(Trigger warning: the story mentions acts of violence)
When Johnny Depp recounted the violence he suffered under ex-wife Amber Heard, novelist Robert recalled how his ex-partner broke his nose with a chair during a fight over money and hoped the Hollywood star's plight would show that while men are most often portrayed as the abusers, they too can be victims.
Robert said he was coming forward not take the heat off physically abusive men, but to raise awareness on the plight of men like him, who are reluctant to tell their story because of societal expectations.
"Totoo namang maraming gagong lalaki pero 'wag nating i-deny ang katotohanan na meron din sa part ng mga babae, 'di naman santo ang lahat ng tao," the 54-year-old told reportr.
When women fall victim to cruelty, the world rallies behind them. It's the #MeToo movement at work, giving women a platform to speak up against violence usually inflicted by men in power, sociologist Enrico Baula told reportr.
"Regardless of what evidence there is, may idea tayo na protect agad ang victim. Guilty by association by being a male si Johnny Depp. You're a male. Chances are, statistically speaking, probably ikaw ang abuser."
What happens, then, when it's the men who are victims of violence?
Why men won't speak out
In patriarchal Philippines, men are taught to "man up" in the face of physical attacks: stoic, controlled, and always dominant, Baula told reportr. When they're at the receiving end of abuse, it's usually overlooked or dismissed as weakness, diminishing their manhood.
"A man admitting they're physically, emotionally, psychologically hurt, it all goes against the definition of masculinity of Philippine society so therefore the admission that they are all of those things is an admission technically speaking that I'm not a man, especially ang naga-abuse sa akin is somebody 100 pounds lighter than me."
Robert tried to justify the violence he endured from his ex as part of a loving relationship. After getting bloodied by chomp bites on his arm or putting a cigarette out on his leg, he said they would always end up holding hands, exchanging "I love you's", and enjoying sexual intimacy.
"Tututukan n'ya ako ng kutsilyo sa leeg. Nasugatan leeg ko dahil nakatutok talaga kutsilyo. Pagkatapos iyak siya nang iyak, makikiusap siya na baka puwede sa susunod na mag-away kami 'wag ko isusumbat sa kanya 'yung ginawa n'ya," he said of his ex.
He will make up excuses to cover up for their fights at home. Broken nosebridge? The tricycle suddenly stopped and I hit myself, he would say. If he can't think of excuses, he would stay silent to prevent stigma.
For Robert, the most painful of all the attacks was when his ex spat on his face.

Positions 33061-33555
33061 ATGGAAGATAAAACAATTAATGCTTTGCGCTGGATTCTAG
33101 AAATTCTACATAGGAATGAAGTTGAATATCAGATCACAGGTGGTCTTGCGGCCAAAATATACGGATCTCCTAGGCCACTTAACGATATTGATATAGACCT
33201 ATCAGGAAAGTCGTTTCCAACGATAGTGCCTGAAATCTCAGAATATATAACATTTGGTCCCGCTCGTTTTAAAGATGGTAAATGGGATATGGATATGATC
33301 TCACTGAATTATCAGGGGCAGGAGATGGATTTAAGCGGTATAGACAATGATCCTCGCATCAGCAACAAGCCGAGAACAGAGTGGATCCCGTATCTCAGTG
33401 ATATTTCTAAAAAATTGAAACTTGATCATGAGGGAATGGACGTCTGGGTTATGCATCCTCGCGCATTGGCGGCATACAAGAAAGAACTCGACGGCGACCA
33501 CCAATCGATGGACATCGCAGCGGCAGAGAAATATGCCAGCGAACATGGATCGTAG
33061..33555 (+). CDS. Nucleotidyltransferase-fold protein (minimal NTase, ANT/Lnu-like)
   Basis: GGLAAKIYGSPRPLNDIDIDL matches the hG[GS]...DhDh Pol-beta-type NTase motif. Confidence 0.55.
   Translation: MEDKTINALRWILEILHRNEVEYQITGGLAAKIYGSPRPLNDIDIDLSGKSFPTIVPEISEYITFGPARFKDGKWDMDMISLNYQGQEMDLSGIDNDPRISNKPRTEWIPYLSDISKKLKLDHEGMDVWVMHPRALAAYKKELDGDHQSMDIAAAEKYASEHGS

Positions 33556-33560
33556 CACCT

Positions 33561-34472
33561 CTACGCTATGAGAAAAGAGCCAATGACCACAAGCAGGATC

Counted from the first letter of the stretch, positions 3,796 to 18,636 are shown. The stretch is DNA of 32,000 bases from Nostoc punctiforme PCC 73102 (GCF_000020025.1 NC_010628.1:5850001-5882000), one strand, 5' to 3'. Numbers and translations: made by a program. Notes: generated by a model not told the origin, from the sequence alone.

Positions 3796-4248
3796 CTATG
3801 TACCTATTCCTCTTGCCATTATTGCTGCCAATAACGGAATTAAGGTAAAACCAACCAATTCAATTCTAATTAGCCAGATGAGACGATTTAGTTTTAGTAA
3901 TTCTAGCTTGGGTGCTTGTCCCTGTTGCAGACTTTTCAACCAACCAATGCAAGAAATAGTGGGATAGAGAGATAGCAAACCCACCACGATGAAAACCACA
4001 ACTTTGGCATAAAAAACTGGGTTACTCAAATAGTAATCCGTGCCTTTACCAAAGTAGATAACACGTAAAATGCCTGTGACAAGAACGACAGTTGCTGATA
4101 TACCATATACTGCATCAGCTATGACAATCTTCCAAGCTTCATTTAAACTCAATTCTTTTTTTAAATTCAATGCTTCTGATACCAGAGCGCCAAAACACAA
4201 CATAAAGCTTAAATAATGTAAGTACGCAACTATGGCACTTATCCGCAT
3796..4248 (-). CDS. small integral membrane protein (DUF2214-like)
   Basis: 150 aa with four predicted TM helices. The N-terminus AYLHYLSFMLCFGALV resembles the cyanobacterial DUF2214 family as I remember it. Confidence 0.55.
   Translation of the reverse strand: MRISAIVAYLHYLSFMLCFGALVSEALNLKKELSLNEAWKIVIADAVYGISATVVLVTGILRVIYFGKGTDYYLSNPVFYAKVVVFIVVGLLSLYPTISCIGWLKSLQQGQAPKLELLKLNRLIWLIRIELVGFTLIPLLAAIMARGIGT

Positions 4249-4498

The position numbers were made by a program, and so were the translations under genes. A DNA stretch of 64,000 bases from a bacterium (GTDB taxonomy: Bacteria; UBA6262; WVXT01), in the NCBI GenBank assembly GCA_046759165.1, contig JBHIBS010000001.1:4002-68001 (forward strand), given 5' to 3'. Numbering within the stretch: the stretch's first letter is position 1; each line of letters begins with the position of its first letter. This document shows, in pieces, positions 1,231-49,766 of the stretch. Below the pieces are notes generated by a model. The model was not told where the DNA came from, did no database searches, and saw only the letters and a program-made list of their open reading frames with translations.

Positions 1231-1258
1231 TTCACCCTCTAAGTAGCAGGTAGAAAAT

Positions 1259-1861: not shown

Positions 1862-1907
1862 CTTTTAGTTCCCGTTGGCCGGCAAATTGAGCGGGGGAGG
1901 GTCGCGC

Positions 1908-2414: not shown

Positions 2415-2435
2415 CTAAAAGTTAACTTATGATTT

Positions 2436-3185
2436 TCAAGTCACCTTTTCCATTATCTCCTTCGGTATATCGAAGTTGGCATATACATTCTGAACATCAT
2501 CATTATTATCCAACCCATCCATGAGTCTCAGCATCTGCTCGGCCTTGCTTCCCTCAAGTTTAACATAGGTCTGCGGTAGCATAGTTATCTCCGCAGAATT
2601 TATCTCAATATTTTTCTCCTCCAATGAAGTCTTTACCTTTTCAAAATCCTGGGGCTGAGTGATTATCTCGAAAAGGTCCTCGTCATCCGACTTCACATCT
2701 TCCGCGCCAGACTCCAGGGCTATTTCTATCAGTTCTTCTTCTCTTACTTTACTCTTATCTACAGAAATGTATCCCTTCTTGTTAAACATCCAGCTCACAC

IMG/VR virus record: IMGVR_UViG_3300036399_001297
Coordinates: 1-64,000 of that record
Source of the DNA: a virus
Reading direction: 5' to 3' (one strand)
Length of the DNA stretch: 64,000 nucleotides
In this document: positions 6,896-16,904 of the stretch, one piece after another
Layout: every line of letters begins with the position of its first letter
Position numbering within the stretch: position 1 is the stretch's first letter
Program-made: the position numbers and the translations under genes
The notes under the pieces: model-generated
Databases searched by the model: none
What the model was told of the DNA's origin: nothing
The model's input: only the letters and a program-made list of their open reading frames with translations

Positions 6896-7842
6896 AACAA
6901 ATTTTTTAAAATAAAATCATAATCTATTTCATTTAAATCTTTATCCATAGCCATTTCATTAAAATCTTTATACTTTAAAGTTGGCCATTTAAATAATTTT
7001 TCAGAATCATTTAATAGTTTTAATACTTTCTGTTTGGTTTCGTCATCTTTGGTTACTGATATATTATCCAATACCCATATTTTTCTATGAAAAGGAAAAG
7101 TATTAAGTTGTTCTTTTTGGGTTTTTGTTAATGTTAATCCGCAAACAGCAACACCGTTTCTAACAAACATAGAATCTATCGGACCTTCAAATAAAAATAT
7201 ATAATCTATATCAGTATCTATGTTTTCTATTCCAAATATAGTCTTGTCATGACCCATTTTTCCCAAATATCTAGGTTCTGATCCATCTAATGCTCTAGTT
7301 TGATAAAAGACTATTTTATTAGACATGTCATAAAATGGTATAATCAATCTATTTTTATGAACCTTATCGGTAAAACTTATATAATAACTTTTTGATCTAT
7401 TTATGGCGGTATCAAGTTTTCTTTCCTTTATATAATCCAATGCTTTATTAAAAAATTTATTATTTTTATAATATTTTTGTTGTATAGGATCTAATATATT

"Duraan ka, maliitin ka, wala kang kuwenta, inutil ka, those things really resonate sa mga lalaki kasi 'di naman sila trained to be emotionally accessible," said Baula.
Their two female children were also abused, Robert said. At that time, they were no more than 10 years old. "Sila mismo nag-recall sa akin kung papaano inipit ng pliers ang daliri nila, paano pinakain ng tae, paano sila sinubuan ng powdered instant coffee, paano sinubsob sa basurahan 'yung panganay ko."
No cases were filed and Robert's children lived with him since their separation. Years later, he would find out his ex has bipolar disorder and has since sought psychological help.
The patriarchal system that oppresses women is the same one that forced battered men to think they are not entitled to protection because they are supposed to be the abusers, not the abused, Robert said. "Ang violence, wala namang kinikilalang gender 'yan."
What can be done?
Recognizing the need to protect everyone from violence regardless of gender, Rizal Rep. Fidel Nograles in 2019 filed a bill to expand the Violence Against Women and Children to include "all those who suffer violence from their partners."
Women's party-list Gabriela said the bill was "unnecessary." "In the first place, nakakalamang na nga sila, bibigyan mo pa sila ng dagdag pang venue para mas makalamang pa," then Gabriela secretary general Jang Monte-Hernandez said in GMA News' Brigada in 2019.
Robert said he was against Gabriela's position. "'Di na nga kumikibo 'yung mga lalaki sa dinaranas nilang pang-aapi at sila mismo ay biktima ng patriarchal system, pati ba naman mga babae sasagkaan n'yo pa 'yung bill na fina-file?"
Robert eventually co-founded an organization that seeks to empower battered husbands and partners in hopes that more men would speak up against abuse.
"Pinu-push namin ito 'di para ipahiya na may mga lalaking sinasaktan, para magkaroon ng boses ang mga lalaki at eventually mabuksan ang mga dibdib nila at umagos ang mga nabubulok na anumang natatago d'yan."
For sociologist Baula, advancing equality, not double standards, is a way to prevent abuses across all genders.
"Enough of that binary na lalaki can only be stoic, express anger. Allow boys to express emotions without diminishing them, in the same way women," said Baula.
"Dapat siguro sa lipunan natin magbago na ang paningin na lalaki lang ang may capability na manakit, physical man, verbal man, psychological man. Lahat ng gender may kakayahang gawin ito e so dapat may katapat na batas na aayos sa ganitong mga bagay," Robert said.